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HOME : Classical Antiquities : Corinthian : Corinthian Askos in the Form of a Bird
Corinthian Askos in the Form of a Bird - PF.5591
Origin: Mediterranean
Circa: 400 BC to 300 BC
Dimensions: 5.25" (13.3cm) high x 2.625" (6.7cm) wide
Collection: Classical
Medium: Terracotta

Additional Information: Art Logic--Christie's (New York) 1999
Location: Great Britain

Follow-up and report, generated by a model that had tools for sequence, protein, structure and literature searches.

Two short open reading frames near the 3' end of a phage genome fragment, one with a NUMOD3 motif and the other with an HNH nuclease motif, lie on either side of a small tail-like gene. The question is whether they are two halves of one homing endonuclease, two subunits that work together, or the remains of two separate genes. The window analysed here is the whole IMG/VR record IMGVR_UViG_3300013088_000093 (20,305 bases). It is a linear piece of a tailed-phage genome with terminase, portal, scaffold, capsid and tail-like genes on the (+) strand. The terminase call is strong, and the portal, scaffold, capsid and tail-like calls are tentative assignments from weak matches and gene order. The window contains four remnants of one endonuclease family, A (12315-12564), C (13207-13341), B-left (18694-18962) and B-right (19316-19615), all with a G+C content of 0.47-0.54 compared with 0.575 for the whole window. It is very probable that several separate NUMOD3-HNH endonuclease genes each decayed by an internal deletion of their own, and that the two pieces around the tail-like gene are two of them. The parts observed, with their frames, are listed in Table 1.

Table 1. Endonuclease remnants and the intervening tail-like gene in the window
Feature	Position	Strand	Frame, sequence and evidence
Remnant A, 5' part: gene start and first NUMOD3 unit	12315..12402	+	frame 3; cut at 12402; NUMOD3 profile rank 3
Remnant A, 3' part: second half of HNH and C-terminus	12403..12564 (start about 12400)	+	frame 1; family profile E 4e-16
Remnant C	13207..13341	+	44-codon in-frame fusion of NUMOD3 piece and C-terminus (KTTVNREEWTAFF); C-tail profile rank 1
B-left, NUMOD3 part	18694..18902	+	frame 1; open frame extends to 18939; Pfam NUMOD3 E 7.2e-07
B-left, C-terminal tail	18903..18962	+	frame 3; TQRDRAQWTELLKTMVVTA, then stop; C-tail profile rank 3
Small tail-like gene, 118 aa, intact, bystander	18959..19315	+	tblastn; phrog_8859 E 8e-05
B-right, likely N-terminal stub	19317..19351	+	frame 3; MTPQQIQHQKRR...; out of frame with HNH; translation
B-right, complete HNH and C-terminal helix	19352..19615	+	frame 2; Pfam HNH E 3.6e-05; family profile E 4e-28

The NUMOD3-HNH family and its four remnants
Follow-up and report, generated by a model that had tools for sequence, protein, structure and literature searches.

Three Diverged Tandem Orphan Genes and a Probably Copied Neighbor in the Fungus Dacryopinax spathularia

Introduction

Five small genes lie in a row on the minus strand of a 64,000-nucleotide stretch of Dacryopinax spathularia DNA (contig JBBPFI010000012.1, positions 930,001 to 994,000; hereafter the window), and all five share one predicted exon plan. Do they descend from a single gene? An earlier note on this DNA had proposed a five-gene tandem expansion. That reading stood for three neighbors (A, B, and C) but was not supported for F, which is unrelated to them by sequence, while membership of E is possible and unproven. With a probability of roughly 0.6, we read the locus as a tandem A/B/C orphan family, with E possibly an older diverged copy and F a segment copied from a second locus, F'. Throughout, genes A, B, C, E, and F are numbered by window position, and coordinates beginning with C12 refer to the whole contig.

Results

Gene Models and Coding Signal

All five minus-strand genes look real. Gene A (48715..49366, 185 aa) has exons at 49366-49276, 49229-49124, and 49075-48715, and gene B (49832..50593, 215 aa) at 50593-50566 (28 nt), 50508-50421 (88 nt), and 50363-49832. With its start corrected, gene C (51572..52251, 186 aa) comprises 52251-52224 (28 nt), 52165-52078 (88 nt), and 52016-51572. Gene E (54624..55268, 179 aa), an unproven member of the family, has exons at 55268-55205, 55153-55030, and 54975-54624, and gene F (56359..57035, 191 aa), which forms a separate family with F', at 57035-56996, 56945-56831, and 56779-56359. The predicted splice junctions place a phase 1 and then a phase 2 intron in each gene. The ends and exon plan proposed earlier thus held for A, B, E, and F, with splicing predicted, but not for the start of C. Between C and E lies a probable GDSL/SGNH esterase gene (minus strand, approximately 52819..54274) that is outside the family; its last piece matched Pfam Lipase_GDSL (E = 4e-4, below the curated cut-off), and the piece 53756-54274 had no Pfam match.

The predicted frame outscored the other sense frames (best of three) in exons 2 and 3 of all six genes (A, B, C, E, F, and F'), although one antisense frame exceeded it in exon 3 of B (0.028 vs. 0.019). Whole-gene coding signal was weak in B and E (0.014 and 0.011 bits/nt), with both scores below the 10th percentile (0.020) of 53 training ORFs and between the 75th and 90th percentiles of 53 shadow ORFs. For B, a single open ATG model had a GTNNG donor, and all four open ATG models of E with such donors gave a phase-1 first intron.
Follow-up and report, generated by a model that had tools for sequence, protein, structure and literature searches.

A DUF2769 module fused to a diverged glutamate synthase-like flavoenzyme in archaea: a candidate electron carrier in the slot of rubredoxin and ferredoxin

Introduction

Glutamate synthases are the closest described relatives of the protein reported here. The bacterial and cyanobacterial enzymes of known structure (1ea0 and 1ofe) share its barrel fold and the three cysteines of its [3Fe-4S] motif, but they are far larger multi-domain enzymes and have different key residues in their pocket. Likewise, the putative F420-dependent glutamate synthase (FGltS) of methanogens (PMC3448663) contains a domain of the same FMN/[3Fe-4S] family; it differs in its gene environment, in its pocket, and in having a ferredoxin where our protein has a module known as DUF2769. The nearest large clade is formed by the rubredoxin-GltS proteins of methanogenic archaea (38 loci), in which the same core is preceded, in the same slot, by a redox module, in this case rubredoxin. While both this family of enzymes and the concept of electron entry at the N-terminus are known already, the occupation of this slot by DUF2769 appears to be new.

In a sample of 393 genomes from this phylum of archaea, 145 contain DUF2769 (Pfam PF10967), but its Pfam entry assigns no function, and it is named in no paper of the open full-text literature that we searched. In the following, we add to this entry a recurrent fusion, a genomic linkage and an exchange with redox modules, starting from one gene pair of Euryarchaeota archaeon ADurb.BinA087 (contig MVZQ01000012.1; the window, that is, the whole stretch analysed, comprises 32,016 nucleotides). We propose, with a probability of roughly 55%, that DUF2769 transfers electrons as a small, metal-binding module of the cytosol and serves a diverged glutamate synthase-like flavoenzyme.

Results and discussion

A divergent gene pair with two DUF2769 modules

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An askos is traditionally used for pouring oil. However, this vessel has taken on the untraditional form of a bird. The elongated beak served as a spout while the oil would have been loaded through the opening at the top of the bird’s back. Next to the loading mouth, there is a strap handle decorated with black painted lines. In fact, the entire vessel is elaborated with red and black painted highlights. Radiating lines depict the texture of the tail feathers protruding from the hind. The wings are elegantly painted with feathers and rows of hash marks. The bulging red eyes with recessed centers are painted in, as are sporadic spots along the neck. While pottery and functional vessels often took the form of animals, few are quite so entirely successful. In the end, this is not a pouring jar in the shape of a bird; but a bird in the form of a pouring jar. - (PF.5591)


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